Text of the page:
The first thing we did was have the three chaperones’ daughters pick out of a hat whether their team would handle snack and drinks, lunch, or desert. Then we had the rest of the girls pick from the hat to see which team they were on.  Every girl got to pick something.

After cleaning up the girls went into a separate area with the team leader. Each team got five dollars in cash (3 singles, 4 quarters, 6 dimes, 6 nickels, and 10 pennies) that they had to count out themselves and a check for five dollars. They also got a folder and pen to brainstorm their meals and a change purse (from the dollar store).

The girls didn't get the "hat" joke, but the adults got a good laugh

The girls had to plan and budget for a meal that fed 11 people, could be made in less then 30 minutes, required at least 20 minutes of prep, and did not cost more then $10 including tax.  Moms were warned that they were not allowed to put in even a penny. If you exceeded $10 something needed to go back. (Try it.  It’s harder than you think).

After a few minutes to brainstorm and make a list, the girls grabbed their team change purse (we had to rotate who carried it) and piled into the car of her team leader to drive to the bank. (FYI the bank is five minutes from my house and across the street from the Grocery Store.)

Bank Tour

The bank that we used is the bank that everyone in the Service Unit uses, so they are well equipped to deal with Girl Scouts. They only did tours on weekdays so the Teacher Workday worked well for us. A manager came out to give us the tour. They even had goody bags for the girls with pens, pencils, coloring pages, cups, and, most importantly, lollypops. The leaders even got free bags. (Awesome huh, free field trip where they give you stuff.)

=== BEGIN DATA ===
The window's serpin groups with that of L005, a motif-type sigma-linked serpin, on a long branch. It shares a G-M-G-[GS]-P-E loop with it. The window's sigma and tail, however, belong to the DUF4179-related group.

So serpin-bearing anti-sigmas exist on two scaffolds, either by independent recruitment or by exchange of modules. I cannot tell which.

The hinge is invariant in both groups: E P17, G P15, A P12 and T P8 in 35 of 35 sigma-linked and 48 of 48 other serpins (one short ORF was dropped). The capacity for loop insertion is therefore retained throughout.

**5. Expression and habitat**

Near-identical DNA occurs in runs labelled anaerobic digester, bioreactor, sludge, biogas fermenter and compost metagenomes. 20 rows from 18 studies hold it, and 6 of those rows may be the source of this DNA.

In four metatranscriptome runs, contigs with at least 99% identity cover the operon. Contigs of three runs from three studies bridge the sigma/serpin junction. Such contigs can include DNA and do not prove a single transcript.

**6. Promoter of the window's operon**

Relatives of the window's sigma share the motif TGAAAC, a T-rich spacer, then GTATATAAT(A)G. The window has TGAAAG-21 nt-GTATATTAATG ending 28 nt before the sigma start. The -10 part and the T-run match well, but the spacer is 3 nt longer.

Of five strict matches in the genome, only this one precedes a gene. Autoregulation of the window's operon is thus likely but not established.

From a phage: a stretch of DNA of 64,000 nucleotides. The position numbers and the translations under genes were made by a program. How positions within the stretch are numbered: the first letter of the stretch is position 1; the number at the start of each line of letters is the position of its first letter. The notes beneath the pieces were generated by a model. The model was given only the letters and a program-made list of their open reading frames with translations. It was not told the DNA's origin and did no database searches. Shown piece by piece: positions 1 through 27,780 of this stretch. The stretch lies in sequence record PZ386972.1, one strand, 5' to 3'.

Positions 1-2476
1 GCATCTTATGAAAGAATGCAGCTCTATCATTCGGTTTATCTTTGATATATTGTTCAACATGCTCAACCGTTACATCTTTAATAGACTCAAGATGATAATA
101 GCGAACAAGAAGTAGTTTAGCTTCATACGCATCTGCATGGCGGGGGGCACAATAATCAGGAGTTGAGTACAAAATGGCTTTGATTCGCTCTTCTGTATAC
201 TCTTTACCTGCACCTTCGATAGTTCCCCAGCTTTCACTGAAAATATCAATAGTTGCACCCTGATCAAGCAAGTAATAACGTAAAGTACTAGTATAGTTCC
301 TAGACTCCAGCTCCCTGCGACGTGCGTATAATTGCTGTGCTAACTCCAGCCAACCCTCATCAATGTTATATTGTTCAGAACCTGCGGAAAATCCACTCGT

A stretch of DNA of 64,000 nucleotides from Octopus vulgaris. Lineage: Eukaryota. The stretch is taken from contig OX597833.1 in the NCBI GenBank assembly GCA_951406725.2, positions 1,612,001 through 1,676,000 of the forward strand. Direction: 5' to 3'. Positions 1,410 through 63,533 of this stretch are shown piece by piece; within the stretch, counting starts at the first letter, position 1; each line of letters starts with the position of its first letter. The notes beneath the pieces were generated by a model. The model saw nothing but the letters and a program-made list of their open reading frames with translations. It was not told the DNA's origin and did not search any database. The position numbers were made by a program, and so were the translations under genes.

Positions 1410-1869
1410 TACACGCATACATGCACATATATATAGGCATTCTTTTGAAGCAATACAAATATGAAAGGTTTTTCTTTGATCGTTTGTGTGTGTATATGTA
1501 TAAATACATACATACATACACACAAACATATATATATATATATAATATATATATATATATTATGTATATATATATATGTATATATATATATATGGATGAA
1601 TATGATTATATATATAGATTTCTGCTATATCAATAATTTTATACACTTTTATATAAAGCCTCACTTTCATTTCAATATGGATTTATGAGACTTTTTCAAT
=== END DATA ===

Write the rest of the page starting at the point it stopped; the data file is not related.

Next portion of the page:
My free bag.  I keep all my girl scout stuff in it.

The bank manager talked to the girls about the importance of saving money and how putting your money in the bank helped people buy houses. He did use words that were a little too big, so I had to translate into kindergartenese. They showed the girls the safe deposit boxes and he had the girls talk about what kind of important things they would put in one to keep it safe.  Then they got to see the vault (not quite as big as the ones in the movies).

After the tour everyone got on line for the teller and each group went up and cashed their check for $5.

Grocery Store

The girls probably enjoyed the grocery store portion of this Field Trip more then the bank.  For this section we worked in our small groups.

I had a group of three girls and they had drawn desert as their portion of the meal. At home they had decided to do chocolate chip cookie ice cream sundaes. We got refrigerated cookie dough and vanilla ice cream. Of course, they wanted to get the enormous cookie dough tub and their favorite brand of ice cream, but we pulled out the cell phone calculator and showed how they couldn’t afford that.

Once they had picked the store brand ice cream and the small, on sale, tube of cookie dough we were at about $6. The rest of the time was spend with the girls debating (I’m not going to say fighting, it wasn’t that bad) about getting hot fudge or sprinkles, whip cream or caramel sauce, with each of the three having their favorites.